A cancer-killing drug has passed a test


Researchers have successfully tested a “Trojan Horse” drug that kills cancer and bacterial cells while leaving healthy tissue unharmed.

To trick malignant cells into ingesting the tiny cancer-killing molecule SeNBD, scientists at the University of Edinburgh combined it with a chemical food compound.

The peer-reviewed experimental study used zebrafish and human cells, but researchers say more research is needed to determine whether it is a safe and effective way to treat early-stage cancer and drug-resistant bacteria.

According to the University of Edinburgh, cancerous cells are “greedy” and require a large amount of food for energy, and they typically consume more than healthy cells.

When SeNBD is combined with a chemical food compound, it becomes “ideal prey for harmful cells” that ingest it “without being alerted to its toxic nature.”

The drug was created by researchers at the University of Edinburgh, who likened it to a Trojan Horse and its effects to a “metabolic warhead.”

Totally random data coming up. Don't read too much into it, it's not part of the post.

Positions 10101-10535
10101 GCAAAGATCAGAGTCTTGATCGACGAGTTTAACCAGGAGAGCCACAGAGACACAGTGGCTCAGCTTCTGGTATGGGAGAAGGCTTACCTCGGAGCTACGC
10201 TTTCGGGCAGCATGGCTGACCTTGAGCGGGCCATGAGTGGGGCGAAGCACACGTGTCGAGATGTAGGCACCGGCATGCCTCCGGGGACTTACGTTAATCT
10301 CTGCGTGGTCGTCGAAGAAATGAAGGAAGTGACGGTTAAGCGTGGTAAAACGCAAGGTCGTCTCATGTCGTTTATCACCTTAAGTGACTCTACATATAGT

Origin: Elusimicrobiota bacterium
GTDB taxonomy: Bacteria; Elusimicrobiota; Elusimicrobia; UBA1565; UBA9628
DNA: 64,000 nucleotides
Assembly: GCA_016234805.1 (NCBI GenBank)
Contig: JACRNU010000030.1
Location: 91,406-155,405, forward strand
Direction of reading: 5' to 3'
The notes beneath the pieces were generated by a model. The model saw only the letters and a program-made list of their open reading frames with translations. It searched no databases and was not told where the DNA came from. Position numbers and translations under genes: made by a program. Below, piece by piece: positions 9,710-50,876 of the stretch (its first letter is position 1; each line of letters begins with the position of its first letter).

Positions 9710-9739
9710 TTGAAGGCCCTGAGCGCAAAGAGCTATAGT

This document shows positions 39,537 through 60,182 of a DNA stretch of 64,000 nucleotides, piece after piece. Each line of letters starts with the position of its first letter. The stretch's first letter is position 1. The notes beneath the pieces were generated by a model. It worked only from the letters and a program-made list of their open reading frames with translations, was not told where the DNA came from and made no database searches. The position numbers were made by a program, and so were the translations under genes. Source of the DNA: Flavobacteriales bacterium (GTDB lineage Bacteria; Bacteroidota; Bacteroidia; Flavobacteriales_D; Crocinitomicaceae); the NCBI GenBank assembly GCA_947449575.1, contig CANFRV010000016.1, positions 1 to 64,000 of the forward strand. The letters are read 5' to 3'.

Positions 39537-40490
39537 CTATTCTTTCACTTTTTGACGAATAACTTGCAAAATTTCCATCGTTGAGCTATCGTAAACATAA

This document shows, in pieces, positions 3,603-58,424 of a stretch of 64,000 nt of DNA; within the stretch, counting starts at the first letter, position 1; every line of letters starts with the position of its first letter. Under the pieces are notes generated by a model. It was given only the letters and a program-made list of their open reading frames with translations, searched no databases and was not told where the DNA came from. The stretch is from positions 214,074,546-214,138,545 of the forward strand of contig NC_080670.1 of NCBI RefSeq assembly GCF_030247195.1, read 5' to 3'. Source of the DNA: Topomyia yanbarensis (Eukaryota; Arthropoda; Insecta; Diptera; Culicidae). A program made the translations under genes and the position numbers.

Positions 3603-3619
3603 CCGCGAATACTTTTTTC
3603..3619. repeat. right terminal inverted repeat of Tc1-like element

SeNBD is also a light-activated photosensitiser, which means it only kills cells when exposed to visible light.

According to the university, this means a surgeon can precisely decide when to activate the drug, reducing the risk of it destroying healthy tissues and avoiding side effects like hair loss caused by other anti-cancer drugs.

The study’s findings were published in Nature Communications.

“This research represents an important advance in the design of new therapies that can be simply activated by light irradiation, which is generally very safe,” said lead researcher Professor Marc Vendrell, chair of translational chemistry and Biomedical Imaging at the University of Edinburgh.

“SeNBD is one of the tiniest photosensitizers ever created, and its use as a ‘Trojan horse’ in interventional medicine opens up a slew of new possibilities for killing harmful cells while sparing healthy tissue.”

The drug is delivered through the “front door of the cell,” rather than having to “find a way to batter through the cell’s defenses,” according to Dr. Sam Benson, a post-doctoral researcher at the university.

The Greek mythology legend of the Trojan Horse tells of Greek soldiers building a massive hollowed-out wooden horse in which they hid to gain access to the city of Troy after pretending to desert the war.

The Trojans received the massive structure as a gift and ushered it inside the city walls, only for Greek warriors to emerge from within the city walls and sack the city.